George Georgiou, PhD | Amgen

George Georgiou is the Dula D. Cockrell Centennial Chair Professor at UT Austin,  where he has served on the faculty continuously since 1986 and currently holds appointments in the Departments of Chemical Engineering, Molecular Biosciences and Biomedical Engineering. He received his B.S. degree in Chemical Engineering from the University of Manchester, UK, and his Ph.D. in Chemical Engineering and in Molecular Biology from Cornell in 1987.  For the first 20 years of his career he worked on the biogenesis of secreted protein in bacteria and on protein engineering technologies but starting in 2007, he switched his research to human immunology and to the discovery & preclinical development of protein therapeutics.  Since then he co-invented and led the early development of 4 protein therapeutics (one approved, three in clinical development), invented methods for the molecular-level analysis of the composition of human serological antibody repertoire demonstrating among others that the antibody response to infection or vaccination has very restricted clonality and separately, made multiple contributions to antibody effector function biology and Fc engineering.  He has published >280 research papers and is co-inventor of >170 issued and pending US patents resulting in 28 distinct IP suites that have so far been licensed to 31 pharma & biotech companies.  He founded and was president of one company acquired by Maxygen in 2001 and later founded, secured Series A funding and served as Director of two biotech companies that are currently NSDQ listed.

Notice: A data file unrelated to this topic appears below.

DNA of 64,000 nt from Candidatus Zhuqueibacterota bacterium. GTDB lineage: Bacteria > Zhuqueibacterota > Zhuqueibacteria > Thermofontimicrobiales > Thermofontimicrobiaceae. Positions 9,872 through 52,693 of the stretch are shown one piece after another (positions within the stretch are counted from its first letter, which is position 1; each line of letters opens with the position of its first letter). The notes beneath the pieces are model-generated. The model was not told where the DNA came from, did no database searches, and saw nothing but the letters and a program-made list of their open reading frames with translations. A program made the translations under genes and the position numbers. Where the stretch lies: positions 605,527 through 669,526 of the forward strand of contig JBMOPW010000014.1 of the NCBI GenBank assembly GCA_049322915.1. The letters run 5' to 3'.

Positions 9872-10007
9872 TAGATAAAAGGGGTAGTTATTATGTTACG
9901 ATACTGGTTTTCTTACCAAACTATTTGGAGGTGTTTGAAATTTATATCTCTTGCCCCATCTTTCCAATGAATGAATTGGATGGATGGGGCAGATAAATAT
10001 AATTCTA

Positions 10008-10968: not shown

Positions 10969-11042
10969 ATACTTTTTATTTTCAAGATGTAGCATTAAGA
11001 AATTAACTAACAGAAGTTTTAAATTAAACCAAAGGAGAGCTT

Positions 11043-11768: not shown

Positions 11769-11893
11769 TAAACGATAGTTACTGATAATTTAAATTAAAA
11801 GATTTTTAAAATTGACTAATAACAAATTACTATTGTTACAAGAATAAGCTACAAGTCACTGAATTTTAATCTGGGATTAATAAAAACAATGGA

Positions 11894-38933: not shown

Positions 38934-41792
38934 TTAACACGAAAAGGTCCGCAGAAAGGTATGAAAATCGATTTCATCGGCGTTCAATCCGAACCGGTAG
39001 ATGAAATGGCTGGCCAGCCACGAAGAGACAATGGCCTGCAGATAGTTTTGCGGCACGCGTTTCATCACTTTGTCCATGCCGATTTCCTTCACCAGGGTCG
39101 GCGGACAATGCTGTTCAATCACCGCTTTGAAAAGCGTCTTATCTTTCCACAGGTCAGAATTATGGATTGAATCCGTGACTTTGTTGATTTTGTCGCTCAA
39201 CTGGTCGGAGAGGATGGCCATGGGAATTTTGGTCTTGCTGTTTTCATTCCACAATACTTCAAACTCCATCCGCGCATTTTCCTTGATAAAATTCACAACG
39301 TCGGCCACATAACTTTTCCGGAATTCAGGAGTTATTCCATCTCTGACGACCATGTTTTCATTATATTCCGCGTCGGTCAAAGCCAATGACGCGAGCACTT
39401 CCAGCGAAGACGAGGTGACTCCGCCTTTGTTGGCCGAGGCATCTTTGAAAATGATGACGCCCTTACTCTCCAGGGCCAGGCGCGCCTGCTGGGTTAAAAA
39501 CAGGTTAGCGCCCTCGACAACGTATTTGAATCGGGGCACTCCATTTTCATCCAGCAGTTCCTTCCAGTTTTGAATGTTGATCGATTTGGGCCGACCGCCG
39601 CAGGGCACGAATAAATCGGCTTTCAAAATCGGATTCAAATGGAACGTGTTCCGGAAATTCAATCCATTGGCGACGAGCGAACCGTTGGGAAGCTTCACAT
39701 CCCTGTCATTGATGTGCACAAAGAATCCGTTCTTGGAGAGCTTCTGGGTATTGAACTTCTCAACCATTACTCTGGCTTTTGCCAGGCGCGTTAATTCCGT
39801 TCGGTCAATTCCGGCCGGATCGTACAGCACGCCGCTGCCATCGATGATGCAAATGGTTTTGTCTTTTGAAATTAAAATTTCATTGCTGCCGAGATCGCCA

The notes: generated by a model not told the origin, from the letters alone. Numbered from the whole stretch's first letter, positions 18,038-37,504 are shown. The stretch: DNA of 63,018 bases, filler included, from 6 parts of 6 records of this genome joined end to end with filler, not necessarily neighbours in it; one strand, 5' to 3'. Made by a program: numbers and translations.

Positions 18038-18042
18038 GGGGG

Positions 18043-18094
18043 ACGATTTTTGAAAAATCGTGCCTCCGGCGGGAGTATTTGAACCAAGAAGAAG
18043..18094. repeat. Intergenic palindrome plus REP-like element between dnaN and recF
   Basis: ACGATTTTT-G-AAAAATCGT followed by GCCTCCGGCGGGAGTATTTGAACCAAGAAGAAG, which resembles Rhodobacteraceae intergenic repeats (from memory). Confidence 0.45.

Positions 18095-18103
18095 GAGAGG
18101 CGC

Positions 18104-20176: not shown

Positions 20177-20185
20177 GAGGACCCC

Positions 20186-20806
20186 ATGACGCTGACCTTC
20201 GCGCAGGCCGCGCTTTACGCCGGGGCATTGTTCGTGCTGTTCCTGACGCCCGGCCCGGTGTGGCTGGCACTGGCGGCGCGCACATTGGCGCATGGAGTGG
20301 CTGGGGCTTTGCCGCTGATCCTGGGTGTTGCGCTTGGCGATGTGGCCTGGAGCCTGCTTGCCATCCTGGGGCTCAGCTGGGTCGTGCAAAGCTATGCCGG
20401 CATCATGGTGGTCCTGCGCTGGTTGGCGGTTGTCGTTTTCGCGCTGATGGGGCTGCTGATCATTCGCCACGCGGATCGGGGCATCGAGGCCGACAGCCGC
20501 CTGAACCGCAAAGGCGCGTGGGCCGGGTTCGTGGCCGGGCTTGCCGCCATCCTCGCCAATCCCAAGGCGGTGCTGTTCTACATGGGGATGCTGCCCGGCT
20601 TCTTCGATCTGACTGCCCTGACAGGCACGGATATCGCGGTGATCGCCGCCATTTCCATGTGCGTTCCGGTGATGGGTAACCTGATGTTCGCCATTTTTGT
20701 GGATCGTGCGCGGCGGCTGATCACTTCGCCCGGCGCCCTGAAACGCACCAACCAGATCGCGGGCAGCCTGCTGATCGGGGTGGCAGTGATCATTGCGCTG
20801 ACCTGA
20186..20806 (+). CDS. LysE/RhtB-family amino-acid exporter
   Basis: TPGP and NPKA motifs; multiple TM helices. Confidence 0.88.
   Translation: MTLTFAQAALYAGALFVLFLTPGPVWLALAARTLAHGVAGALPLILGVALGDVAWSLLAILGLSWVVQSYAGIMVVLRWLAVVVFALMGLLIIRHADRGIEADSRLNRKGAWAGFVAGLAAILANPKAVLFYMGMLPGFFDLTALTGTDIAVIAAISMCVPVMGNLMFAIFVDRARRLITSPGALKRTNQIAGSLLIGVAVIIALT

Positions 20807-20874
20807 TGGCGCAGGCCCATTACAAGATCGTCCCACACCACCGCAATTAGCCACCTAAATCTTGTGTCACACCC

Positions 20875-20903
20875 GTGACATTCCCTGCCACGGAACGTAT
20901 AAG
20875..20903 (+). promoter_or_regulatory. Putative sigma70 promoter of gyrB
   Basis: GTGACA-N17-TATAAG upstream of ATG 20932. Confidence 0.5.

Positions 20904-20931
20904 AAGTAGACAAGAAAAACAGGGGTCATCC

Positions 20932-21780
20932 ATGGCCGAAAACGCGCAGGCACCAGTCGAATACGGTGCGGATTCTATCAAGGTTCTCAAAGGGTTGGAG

His contributions have been recognized by multiple awards including the Amgen award in Biochemical Engineering in 2007, his selection as one of "the top 100 eminent chemical engineers of the modern era" by the American Institute of Chemical Engineers (2008) and as a "top 20 translational researcher" by Nature Biotechnology in 2013.  He is a member of the US National Academy of Engineering (since 2005), National Academy of Medicine (2011), National Academy of Inventors (2015) and the American Academy of Arts and Sciences (2015).